Skip a crossover to create a gap in the middle of the lacing, either to bypass a sensitive area of the foot or to increase ankle flexibility.
Lacing Technique – Variation 1 – Single Verticals
• Begin straight across on the inside (grey section) and out through the bottom eyelets.
• At each eyelet pair, cross the ends, feeding under the sides and out through the next higher set of eyelets. Repeat until the ends are below the sensitive area (or ankle area).
• The ends are run straight up the sides to the next higher set of eyelets, creating the gap.
• Starting above the sensitive area (or ankle area), resume criss-crossing up the shoe until lacing is completed.
• Variation 1 skips one crossover with the verticals on the outside.
• Variation 2 skips one crossover with the verticals on the inside, resulting in a tighter fit.
• Variation 3 skips two crossovers, either for a larger sensitive area or for a looser fit.
Allows more flex
15% longer ends (approx.)
The gap provides pressure relief in a couple of ways:
• There are no shoelaces running across the gap and pressing into the foot.
• There are no crossovers holding down the sides of the shoe on either side of the gap, allowing it to spread wider at that point, particularly with Variation 1.
Besides providing pressure relief, a gap can instead be used to increase ankle flexibility, particularly on tall, heavy leather boots (as seen in the gallery below).
Note also that the gap does not have to be in the middle of the lacing (as shown in the diagrams and photos on this page) but can instead be positioned wherever needed.
Shoelace Lengths for Gap Lacing
|Pairs of eyelets:||2||3||4||5||6||7||8|
|Length needed:||63 cm
Shorter shoelaces needed than those for basic Criss Cross Lacing.
Longer ends if existing shoelaces are re-used (+15% on average).
Your shoelace site was a big help in making my boots fit more comfortably. I used a combination of criss-cross and gap lacing through the lugs to relieve the pressure they were causing at the top of my foot, and I felt a lot better walking through all of winter's favorite forms of precipitation today.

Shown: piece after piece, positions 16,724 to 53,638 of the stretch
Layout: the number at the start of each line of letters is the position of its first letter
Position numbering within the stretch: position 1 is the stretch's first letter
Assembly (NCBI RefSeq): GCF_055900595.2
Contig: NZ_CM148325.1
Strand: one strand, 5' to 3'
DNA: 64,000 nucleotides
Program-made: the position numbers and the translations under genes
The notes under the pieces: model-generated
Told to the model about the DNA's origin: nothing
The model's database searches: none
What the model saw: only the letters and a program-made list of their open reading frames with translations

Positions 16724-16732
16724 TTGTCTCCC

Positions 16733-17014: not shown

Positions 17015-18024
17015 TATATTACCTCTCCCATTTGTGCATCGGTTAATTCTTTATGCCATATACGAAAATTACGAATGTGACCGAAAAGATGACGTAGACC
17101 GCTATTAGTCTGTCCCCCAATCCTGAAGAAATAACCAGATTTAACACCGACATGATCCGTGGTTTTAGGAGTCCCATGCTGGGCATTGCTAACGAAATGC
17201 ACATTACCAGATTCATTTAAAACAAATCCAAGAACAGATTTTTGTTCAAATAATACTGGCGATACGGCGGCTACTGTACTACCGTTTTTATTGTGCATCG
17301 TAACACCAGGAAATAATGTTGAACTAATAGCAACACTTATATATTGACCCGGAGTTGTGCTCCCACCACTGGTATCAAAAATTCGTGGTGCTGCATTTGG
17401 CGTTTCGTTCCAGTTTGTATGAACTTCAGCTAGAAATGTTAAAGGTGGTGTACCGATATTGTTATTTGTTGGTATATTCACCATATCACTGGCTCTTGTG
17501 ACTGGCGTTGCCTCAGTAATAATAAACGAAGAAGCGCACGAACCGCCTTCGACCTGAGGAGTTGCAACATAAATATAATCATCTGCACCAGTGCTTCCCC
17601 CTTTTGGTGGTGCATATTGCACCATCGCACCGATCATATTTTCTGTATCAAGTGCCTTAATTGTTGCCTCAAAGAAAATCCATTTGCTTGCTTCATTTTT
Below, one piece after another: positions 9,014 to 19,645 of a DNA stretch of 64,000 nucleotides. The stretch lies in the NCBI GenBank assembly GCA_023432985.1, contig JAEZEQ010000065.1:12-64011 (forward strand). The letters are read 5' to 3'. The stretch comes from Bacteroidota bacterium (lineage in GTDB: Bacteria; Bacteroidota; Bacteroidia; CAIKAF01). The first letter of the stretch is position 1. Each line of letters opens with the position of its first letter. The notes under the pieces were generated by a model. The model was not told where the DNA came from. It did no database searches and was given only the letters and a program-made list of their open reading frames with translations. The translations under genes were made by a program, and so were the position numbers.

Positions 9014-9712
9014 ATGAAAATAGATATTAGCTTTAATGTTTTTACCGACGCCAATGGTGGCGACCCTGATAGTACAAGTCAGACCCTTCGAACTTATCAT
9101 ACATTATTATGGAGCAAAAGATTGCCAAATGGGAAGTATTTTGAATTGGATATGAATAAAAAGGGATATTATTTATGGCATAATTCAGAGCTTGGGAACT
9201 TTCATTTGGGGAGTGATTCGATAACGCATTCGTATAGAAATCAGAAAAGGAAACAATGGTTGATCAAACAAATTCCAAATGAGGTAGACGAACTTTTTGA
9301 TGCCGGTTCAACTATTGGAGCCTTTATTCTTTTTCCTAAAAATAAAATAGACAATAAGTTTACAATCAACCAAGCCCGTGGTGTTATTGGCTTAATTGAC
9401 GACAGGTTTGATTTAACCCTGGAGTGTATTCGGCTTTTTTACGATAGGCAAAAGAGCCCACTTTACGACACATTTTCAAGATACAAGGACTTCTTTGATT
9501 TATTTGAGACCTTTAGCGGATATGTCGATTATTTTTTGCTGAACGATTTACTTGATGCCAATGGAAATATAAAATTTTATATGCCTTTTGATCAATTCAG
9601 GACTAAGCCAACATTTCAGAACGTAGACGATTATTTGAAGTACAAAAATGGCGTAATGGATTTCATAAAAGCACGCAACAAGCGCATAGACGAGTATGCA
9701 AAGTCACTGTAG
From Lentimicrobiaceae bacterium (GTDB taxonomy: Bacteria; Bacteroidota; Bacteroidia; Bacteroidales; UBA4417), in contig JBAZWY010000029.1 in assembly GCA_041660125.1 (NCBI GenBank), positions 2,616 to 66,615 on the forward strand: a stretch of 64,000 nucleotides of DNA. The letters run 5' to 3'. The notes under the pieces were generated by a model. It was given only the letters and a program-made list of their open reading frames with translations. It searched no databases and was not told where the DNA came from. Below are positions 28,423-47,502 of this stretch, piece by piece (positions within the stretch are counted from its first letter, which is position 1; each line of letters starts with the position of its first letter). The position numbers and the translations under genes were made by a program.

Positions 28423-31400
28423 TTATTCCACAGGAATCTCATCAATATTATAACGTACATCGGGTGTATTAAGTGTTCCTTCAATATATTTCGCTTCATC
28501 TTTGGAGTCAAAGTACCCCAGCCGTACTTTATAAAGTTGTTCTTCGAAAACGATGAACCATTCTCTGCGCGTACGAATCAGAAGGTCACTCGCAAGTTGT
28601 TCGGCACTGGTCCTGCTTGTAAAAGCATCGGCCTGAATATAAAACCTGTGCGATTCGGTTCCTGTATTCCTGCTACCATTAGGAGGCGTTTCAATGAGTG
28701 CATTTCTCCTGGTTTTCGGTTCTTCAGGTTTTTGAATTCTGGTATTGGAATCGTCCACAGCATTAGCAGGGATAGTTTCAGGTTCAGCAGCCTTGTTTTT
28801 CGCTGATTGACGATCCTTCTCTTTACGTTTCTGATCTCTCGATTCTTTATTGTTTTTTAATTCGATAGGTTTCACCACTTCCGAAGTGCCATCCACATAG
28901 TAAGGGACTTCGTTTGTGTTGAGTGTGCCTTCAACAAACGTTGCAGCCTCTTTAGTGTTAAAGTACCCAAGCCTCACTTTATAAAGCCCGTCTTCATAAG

- Alexander K., Nebraska, USA, Jan-2020
I finally understood to modify my winter shoe lacing to have a gap. I used to wonder, why the laces are slightly too short.
- Arto K., Finland, Nov-2019
I have recently retrained as an EMT, which involves wearing boots and standing for long periods of time. Initially, I found my uniform boots were very uncomfortable.
I was then directed to your site by an online EMT resource. As a result of this I tried a different method of lacing, the gap lacing method, with the lace lock to finish. I cant believe they're the same boots! This has made them so much more comfortable and my 12 hour shifts don't cause any foot pain.
- Lisa D., London, UK, Apr-2016
I work as a security guard at pubs and nightclubs, which means a lot of just standing still, and the occasional wrestling match. I had some problems with pain in my ankles from just standing still and during the wrestling my laces always got untied.
So I tested your “Gap lacing” and your “Ian's Secure Shoelace Knot”.
Now, as you described, i got alot more ankle flexibility and my pain is gone! And my laces never gets untied!
- Daniel J., Sweden, Apr-2014
If you'd also like to send feedback, please Contact Ian.
Rate This Lacing Method
Please only vote once – multiple votes are removed daily